(QUEEN CITY NEWS) – Senators on both sides of the aisle are accusing Ticketmaster and its parent company of being a monopoly.

“Ticketmaster ought to look in the mirror and say I’m the problem, it’s me,” said Connecticut Sen. Richard Blumenthal.

U.S. senators quoted Taylor Swift lyrics while calling out the nation’s leading ticket sales and distribution company during a Senate Judiciary Committee Tuesday.

Lawmakers grilled a top executive of Ticketmaster’s parent company, Live Nation Entertainment, for mishandling ticket sales for Swift’s upcoming Eras tour.

In November, thousands of Swift fans were furious over the long wait time and system crashes. Many were unable to purchase tickets.

“We will determine today what happened, how did this system fail so spectacularly, and what we can do in the future,” South Carolina Sen. Lindsey Graham said.

According to Live Nation Entertainment, the issue was caused by internet bots that ultimately forced the company to close off sales to the public.

“This is what led to a terrible consumer experience. Which we deeply regret. We apologize to the fans. We apologize to Ms. Swift,” Live Nation Entertainment Chief Executive Officer Joe Berchtold said.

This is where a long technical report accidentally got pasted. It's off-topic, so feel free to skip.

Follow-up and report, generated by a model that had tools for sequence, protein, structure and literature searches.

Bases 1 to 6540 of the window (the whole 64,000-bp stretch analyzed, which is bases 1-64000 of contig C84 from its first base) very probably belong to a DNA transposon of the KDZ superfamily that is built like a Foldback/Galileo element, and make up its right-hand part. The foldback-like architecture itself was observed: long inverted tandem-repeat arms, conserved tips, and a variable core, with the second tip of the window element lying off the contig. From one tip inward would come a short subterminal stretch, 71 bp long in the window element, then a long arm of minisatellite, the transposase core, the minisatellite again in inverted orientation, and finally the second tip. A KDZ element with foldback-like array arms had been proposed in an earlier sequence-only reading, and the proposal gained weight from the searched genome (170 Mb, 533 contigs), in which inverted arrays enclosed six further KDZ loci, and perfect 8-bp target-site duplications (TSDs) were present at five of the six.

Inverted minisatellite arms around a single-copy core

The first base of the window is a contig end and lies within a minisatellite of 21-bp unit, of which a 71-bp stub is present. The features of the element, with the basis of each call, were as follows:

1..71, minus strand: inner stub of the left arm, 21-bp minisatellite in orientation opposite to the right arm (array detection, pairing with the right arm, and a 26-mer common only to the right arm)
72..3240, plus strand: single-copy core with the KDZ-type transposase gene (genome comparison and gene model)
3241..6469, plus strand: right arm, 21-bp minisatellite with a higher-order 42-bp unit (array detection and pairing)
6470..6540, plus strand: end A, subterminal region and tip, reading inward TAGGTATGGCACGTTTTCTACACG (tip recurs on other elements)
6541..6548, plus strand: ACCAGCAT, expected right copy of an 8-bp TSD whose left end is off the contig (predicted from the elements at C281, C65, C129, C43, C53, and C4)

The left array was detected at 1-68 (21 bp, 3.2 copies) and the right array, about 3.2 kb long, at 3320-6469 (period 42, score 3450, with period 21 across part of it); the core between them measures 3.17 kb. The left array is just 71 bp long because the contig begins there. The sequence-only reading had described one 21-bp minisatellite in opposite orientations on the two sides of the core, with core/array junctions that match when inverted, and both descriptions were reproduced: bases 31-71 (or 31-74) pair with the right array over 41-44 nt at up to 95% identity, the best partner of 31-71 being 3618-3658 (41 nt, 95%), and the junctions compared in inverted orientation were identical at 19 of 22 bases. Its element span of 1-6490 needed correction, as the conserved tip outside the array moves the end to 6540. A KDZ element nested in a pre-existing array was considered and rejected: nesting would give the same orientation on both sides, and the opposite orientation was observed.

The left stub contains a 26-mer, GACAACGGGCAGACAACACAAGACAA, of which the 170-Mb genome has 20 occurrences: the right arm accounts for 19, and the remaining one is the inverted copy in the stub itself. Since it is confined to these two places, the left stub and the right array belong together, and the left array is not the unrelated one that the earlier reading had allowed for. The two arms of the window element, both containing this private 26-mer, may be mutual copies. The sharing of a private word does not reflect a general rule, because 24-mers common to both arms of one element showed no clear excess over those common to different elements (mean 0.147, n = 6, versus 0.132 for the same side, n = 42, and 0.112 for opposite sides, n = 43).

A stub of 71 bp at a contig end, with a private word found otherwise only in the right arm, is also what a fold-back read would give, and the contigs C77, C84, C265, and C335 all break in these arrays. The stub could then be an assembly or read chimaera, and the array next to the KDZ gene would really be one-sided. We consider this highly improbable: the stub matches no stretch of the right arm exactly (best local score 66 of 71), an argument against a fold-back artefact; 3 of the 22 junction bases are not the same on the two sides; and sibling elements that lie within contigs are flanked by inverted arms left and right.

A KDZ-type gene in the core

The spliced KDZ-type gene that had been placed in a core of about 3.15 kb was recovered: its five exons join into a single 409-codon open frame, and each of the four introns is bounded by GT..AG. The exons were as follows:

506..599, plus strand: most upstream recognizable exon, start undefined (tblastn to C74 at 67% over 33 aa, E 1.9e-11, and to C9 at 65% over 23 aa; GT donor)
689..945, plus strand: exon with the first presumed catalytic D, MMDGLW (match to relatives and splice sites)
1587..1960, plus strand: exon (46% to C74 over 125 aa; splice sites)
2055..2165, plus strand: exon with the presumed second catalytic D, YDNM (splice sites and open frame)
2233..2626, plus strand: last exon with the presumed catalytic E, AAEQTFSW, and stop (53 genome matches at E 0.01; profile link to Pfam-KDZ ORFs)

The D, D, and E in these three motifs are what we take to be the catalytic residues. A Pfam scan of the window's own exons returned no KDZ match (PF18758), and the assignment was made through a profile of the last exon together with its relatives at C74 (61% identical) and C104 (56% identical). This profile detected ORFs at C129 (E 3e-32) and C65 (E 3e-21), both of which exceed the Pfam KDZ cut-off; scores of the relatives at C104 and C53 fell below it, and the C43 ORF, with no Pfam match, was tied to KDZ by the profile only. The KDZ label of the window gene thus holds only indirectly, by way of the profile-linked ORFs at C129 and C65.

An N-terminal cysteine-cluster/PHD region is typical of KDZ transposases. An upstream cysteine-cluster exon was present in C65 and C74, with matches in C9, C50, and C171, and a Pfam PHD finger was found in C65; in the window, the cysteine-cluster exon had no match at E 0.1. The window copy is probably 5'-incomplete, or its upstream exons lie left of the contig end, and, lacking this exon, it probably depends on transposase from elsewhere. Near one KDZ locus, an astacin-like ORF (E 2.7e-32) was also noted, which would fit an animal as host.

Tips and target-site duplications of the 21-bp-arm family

At one point, Ticketmaster and Live Nation were competitors. The companies merged in 2010, creating what a group of lawmakers is calling a monopoly.

“It’s just not true that it is a monopoly. There are lots of other opportunities to use other services,” President and CEO of Ark Group Noah Lazes said.

Queen City News sat down with Lazes during the midst of the controversy. He says while Ticketmaster is only sometimes the go-to ticker seller, there is a reason why Taylor Swift, independent venues across the country, and the NFL use their services.

“The reason they do it is that Ticketmaster has a great product, and they are very good at what they do,” Lazes said. “If the NFL thought that somebody else was better, they would use them, or they would do it themselves if they thought they could create their ticketing service.”

In the hearing, lawmakers discussed several possible solutions to improving the customer experience, none of which have been set in stone.

“I hope we can make a better experience for the consumer by being able to buy tickets to things that you want to see without such a debacle,” Sen. Graham said.